Leyritz homer means everything to his dad

The Cincinnati Enquirer

ATLANTA - Jim Leyritz's hitting philosophy is borrowed from Tony Perez, and reinforced each time he phones home. His father is something of a stickler on the subject.

''See the ball, hit the ball,'' Don Leyritz said Thursday afternoon. ''That's what Tony Perez always said. Every time I hang up with Jim, I always tell him that.''

They began in the backyard out in Anderson Township, a small boy with a batting tee, and a dad with dreams. Then they fashioned a crude batting cage in the basement, and each evening young Jim would hit hundreds of tennis balls into a sheet in search of the perfect swing.

On Wednesday night, he found it.

Jim Leyritz lashed his way into World Series lore with a game-tying, three-run home run in the bottom of the eighth inning. It completed the New York Yankees' comeback from a 6-0 deficit, and made it possible for them to beat the Atlanta Braves in 10 innings, 8-6. It was almost certainly the swing of Leyritz's life, and it made his father all misty up in the left-field stands at Fulton County Stadium.

''It was the culmination of about 23 years of sitting there watching him,'' Don Leyritz said. ''I had tears in my eyes.''

A dad only gets so many moments like this, and Don Leyritz had missed the last one. He fell asleep during the Yankees' 15-inning playoff victory over Seattle last year, and was unaware that his son had ended it with a home run until his phone rang the next morning.

''I never thought I would be able to top that home run,'' Jim Leyritz said. ''But this one did. This is the center stage. This is where you want to perform. To be able to do it here is an absolute thrill for me.''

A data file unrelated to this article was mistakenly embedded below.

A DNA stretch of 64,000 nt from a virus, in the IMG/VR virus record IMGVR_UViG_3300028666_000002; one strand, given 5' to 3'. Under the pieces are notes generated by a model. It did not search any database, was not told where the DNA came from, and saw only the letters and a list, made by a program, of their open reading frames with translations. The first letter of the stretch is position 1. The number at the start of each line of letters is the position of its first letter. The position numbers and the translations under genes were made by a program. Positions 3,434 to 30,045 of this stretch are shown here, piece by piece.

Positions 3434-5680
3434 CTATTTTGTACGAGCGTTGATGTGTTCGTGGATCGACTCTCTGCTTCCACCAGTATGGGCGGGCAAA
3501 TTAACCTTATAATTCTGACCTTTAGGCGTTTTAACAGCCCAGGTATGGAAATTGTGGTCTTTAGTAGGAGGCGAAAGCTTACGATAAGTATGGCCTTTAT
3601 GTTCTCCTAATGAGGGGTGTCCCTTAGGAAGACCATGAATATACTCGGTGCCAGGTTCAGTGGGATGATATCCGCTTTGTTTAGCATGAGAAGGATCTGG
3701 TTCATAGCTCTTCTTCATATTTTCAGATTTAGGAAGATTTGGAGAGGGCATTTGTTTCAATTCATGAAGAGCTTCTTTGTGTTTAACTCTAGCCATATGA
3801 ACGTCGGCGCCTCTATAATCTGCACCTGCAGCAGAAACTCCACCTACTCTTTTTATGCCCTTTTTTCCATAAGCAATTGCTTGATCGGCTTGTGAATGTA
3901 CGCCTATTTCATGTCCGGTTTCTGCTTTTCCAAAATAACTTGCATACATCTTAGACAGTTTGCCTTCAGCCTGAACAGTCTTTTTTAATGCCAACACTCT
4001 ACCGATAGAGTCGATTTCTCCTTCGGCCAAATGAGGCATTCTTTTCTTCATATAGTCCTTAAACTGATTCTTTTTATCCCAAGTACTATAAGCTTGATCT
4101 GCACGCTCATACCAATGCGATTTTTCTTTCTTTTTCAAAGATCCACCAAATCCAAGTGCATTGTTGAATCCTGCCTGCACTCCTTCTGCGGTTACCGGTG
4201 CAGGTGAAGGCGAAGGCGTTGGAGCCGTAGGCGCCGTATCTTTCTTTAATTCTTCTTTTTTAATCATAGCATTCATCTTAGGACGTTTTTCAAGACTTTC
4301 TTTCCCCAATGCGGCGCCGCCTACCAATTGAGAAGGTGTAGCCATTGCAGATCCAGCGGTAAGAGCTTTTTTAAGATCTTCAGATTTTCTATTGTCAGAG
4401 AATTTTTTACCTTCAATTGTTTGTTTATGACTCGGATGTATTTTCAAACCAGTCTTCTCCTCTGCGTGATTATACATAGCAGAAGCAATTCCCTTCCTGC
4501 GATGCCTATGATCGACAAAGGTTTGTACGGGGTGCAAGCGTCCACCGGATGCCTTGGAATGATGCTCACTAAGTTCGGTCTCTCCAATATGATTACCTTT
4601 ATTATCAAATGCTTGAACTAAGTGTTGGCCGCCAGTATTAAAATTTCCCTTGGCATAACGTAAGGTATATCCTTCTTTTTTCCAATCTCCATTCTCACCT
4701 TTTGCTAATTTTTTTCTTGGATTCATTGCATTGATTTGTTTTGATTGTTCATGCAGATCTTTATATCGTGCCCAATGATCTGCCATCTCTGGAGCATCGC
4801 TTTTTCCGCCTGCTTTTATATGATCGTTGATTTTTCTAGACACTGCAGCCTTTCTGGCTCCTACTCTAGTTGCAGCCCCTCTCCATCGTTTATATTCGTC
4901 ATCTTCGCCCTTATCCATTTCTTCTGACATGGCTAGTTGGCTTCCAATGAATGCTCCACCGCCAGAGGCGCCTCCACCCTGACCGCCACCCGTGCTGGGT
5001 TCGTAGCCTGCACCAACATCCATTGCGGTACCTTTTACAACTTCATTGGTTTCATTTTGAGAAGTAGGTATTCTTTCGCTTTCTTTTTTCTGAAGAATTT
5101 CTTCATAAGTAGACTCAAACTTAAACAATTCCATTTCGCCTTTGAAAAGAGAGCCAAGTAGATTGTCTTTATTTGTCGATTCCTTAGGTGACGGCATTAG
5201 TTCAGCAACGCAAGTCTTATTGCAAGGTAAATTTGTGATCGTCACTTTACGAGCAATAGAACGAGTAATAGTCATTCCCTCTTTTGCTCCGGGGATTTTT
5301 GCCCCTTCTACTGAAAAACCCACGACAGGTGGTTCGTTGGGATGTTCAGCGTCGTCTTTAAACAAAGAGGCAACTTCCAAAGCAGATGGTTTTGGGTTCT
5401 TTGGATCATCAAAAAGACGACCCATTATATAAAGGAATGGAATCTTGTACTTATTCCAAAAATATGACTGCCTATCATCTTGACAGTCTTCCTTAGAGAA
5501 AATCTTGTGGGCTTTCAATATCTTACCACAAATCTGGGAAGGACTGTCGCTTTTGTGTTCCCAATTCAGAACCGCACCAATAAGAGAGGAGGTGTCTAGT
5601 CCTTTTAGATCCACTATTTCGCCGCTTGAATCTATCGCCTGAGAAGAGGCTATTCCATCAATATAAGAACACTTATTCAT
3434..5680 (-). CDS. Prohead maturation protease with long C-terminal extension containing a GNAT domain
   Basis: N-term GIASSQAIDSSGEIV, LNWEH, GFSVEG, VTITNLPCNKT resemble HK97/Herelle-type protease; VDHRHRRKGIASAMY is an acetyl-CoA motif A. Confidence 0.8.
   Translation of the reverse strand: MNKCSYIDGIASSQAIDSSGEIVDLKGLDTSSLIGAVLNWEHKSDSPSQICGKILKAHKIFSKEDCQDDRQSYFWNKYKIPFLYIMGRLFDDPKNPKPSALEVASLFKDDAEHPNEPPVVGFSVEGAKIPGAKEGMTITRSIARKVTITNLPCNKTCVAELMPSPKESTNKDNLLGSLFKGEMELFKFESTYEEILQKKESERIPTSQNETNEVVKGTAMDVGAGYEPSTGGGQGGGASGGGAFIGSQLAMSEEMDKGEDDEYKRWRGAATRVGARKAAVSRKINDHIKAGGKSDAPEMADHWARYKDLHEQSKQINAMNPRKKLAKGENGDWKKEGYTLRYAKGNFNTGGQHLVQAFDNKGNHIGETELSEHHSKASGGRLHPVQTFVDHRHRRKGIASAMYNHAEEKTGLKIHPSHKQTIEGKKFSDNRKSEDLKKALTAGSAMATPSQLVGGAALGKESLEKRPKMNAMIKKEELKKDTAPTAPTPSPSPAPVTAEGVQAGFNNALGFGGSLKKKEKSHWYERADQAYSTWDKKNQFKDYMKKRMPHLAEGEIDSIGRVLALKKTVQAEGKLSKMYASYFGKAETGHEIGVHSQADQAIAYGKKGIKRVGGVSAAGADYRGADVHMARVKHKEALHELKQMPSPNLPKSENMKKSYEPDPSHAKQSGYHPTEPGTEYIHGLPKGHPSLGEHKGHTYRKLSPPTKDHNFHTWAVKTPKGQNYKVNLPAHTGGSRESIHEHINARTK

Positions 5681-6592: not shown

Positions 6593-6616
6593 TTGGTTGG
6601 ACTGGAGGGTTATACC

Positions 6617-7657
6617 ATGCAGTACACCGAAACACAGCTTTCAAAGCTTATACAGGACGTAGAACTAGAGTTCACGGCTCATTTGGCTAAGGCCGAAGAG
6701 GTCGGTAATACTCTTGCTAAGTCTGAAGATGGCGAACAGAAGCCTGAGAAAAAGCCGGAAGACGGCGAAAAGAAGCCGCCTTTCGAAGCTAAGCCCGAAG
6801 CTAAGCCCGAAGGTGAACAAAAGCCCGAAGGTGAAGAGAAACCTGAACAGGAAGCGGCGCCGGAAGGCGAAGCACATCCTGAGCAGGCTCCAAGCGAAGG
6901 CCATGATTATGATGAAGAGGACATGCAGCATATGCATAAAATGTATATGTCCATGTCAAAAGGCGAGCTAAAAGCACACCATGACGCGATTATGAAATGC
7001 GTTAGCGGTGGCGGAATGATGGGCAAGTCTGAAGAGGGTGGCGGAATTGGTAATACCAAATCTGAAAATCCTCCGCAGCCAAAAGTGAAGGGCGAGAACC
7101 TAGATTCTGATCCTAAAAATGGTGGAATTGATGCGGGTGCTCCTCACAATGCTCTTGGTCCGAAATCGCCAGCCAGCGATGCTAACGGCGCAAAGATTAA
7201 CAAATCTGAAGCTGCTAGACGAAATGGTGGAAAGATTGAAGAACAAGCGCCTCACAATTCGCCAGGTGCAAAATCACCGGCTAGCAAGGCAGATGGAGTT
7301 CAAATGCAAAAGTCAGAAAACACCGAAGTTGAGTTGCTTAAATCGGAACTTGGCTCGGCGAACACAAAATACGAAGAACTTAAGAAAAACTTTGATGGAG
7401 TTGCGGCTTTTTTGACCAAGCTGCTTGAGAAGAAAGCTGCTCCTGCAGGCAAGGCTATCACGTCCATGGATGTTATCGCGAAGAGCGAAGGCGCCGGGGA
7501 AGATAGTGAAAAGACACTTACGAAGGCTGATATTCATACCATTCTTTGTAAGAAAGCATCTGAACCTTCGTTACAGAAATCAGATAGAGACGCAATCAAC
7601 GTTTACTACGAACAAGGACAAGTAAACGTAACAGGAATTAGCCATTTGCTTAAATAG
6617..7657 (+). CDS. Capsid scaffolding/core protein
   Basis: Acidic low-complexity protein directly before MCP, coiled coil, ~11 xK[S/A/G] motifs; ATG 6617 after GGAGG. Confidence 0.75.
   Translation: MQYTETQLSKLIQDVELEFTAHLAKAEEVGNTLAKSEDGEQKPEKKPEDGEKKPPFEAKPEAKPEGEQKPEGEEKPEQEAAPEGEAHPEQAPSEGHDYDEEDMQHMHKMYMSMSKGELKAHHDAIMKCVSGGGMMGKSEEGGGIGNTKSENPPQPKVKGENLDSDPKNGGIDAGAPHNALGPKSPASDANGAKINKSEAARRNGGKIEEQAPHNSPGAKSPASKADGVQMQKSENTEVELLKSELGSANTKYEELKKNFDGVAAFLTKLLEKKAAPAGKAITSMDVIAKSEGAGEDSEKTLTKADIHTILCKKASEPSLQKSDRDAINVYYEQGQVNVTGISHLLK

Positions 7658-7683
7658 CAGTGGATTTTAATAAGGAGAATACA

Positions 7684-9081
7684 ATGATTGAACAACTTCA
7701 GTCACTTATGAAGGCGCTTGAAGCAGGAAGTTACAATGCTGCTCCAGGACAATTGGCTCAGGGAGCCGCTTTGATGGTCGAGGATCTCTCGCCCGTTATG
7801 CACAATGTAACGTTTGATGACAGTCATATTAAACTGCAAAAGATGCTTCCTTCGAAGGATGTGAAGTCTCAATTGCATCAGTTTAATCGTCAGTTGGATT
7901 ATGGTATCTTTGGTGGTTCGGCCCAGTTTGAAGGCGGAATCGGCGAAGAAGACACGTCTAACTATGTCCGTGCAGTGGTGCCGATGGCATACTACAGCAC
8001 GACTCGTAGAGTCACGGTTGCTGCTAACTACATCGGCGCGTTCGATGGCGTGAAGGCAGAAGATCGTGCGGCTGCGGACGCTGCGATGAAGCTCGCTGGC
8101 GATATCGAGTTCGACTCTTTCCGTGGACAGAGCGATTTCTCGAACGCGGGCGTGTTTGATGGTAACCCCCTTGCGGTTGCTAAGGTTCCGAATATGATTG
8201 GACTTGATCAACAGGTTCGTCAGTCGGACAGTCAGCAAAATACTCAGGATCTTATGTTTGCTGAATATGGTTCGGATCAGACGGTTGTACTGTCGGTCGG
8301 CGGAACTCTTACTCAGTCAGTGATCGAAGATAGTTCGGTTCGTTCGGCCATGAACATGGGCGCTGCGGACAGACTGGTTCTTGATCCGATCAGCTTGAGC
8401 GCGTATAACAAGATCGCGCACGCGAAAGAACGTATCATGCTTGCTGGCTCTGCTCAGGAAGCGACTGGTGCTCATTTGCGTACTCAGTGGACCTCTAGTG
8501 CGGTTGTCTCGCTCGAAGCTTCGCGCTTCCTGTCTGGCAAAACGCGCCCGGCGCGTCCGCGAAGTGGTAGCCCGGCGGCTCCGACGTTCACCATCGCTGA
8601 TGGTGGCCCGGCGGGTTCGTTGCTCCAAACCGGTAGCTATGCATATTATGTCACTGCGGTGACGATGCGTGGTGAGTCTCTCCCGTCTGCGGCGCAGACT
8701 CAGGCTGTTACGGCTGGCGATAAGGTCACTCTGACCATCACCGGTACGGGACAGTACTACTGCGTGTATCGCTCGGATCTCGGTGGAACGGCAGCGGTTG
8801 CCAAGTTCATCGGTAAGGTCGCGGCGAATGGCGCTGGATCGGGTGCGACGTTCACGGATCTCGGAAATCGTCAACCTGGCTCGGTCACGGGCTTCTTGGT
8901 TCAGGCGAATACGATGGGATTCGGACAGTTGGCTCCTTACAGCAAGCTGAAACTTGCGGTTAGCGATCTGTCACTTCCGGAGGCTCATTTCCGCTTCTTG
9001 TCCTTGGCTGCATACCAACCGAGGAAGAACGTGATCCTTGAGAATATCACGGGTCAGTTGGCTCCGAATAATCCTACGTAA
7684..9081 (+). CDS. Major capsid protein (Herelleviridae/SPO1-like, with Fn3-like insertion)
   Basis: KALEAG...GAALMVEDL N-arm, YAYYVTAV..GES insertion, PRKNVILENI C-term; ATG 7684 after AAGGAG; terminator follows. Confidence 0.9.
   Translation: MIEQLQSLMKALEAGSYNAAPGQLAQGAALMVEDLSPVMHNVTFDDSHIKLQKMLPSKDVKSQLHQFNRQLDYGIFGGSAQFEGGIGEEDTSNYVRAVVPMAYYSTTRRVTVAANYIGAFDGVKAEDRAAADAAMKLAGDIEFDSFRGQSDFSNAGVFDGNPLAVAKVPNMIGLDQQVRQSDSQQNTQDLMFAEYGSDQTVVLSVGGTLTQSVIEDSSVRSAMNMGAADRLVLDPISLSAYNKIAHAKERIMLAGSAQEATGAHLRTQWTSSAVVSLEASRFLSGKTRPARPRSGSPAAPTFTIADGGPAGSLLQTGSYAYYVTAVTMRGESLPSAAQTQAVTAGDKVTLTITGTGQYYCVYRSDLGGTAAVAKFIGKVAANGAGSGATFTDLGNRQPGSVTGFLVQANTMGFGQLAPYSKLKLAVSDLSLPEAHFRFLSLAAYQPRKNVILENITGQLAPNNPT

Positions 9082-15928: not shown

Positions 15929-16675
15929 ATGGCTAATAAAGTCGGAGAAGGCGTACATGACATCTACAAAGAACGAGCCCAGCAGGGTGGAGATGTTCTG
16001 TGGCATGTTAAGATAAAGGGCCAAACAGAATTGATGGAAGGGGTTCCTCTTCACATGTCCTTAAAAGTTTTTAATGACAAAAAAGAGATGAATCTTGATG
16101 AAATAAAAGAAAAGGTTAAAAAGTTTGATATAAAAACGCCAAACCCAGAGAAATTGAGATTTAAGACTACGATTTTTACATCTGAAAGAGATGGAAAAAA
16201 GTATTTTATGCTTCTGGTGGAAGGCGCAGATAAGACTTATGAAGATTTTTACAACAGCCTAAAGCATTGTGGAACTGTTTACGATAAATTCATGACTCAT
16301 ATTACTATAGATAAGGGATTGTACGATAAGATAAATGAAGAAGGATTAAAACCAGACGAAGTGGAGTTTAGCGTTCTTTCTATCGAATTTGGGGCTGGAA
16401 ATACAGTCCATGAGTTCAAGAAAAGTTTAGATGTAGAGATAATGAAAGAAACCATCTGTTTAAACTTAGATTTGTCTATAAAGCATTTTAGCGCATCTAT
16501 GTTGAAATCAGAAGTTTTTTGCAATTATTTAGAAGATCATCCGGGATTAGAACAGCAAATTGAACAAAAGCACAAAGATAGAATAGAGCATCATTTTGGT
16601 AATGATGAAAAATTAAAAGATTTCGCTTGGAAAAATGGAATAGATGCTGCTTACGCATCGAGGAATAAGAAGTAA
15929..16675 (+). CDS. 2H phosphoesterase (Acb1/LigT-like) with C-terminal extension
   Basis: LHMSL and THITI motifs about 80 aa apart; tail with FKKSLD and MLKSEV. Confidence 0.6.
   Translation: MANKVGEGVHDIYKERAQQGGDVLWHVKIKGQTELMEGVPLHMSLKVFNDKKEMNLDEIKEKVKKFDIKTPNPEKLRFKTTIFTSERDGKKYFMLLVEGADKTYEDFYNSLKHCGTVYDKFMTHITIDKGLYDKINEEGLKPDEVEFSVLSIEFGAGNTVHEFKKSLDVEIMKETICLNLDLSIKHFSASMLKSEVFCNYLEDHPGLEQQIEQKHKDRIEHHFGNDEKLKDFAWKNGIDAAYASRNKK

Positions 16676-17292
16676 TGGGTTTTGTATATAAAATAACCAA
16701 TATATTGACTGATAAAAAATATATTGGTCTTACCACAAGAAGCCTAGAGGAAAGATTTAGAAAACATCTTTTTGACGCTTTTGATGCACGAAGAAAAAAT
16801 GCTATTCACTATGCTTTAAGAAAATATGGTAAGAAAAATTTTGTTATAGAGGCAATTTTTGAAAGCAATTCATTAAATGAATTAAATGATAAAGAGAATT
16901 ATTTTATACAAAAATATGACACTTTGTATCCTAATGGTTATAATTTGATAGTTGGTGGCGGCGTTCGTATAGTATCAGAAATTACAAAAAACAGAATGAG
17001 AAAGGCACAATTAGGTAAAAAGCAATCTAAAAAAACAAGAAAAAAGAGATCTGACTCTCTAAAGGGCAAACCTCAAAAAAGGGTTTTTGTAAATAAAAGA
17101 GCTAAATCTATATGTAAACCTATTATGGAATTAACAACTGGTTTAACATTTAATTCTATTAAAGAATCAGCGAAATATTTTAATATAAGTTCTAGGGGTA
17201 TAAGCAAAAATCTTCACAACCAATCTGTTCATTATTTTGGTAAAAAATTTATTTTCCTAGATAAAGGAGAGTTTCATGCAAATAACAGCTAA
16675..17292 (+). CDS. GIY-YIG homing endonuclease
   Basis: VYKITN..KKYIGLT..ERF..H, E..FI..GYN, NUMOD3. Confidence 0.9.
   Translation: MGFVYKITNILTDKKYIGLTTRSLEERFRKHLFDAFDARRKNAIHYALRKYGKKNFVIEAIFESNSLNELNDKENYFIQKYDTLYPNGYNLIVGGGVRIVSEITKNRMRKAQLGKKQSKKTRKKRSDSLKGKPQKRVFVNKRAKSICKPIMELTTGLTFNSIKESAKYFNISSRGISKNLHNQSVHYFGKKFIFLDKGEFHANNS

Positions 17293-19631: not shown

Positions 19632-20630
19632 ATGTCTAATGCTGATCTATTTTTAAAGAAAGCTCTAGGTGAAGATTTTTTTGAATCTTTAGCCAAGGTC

The pride of Turpin High School was the toast of New York on Thursday. He put his bat on a Mark Wohlers slider and took his place in the pantheon of Yankee postseason sluggers - Ruth and Gehrig, DiMaggio and Mantle, Chris Chambliss and Bucky Dent. If the Yankees should win this World Series, Jim Leyritz will spend the rest of his life being congratulated for taking Wohlers deep.

''I'm not thinking home run right there,'' he said. ''I'm thinking I've got an opportunity to drive in one run if I get a basehit.

''I hit it, and I felt like I got it decent, but It wasn't one of those where I could stand there and watch it. I knew it had a chance, especially with the way the ball carries here, but it was a little bit colder, so it's not carrying quite as well as it usually does.''

Braves left fielder Andruw Jones went up the wall in left field, but the ball was beyond his reach. Leyritz clapped his hands as he rounded first base, but otherwise tried to restrain himself. There was still some more baseball to be played.

Reflecting on the home run Thursday afternoon, Don Leyritz was reminded of all the effort that had led up to it. Jim Leyritz grew up as a Little League teammate of Thom Brennaman, the son of the Reds radio announcer, and the two boys once appeared in an instructional show with Johnny Bench. Leyritz later played on powerful Midland amateur teams with Barry Larkin and Todd Benzinger.

His has not been an All-Star caliber career. Until Wednesday night, Leyritz was best known as the personal catcher of Andy Pettitte, the Yankees' Cy Young award favorite. He has replaced Don Mattingly as the senior Yankee in terms of service, but has yet to equal the playing time he had as a rookie in 1990, when he had 303 at-bats.

He is a .267 lifetime hitter who has been used as a catcher, an outfielder and at every infield position except shortstop. Though rarely for prolonged periods.

''I always said throughout my career - and I probably got in trouble for saying it - but I want to play every day,'' Leyritz said. ''With the numbers I put up as a part-time player, it projects a pretty good career if I had a chance to play every day.''

Don Leyritz has not abandoned hope on this score. He watches the Yankees games by satellite, and makes tapes so as to study Jim's swing.

''Whenever I call home, I don't have to consult him,'' Jim Leyritz said. ''He'll give you hints or ideas. He sits down in the basement at night, probably till two or three in the morning, watching tapes all the time. He probably knows me the best out of anybody.''

Earlier this season, Don Leyritz decided his son's elbow was causing him problems at the plate. He thought it was too nearly parallel to his wrist, and prevented him from driving the ball with his left shoulder. The younger Leyritz listened, and shortly had a three-hit game. He saw the ball, and he hit the ball.

''I'll take all the credit,'' Don Leyritz said.

Tim Sullivan is an Enquirer columnist.

Published Oct. 25, 1996.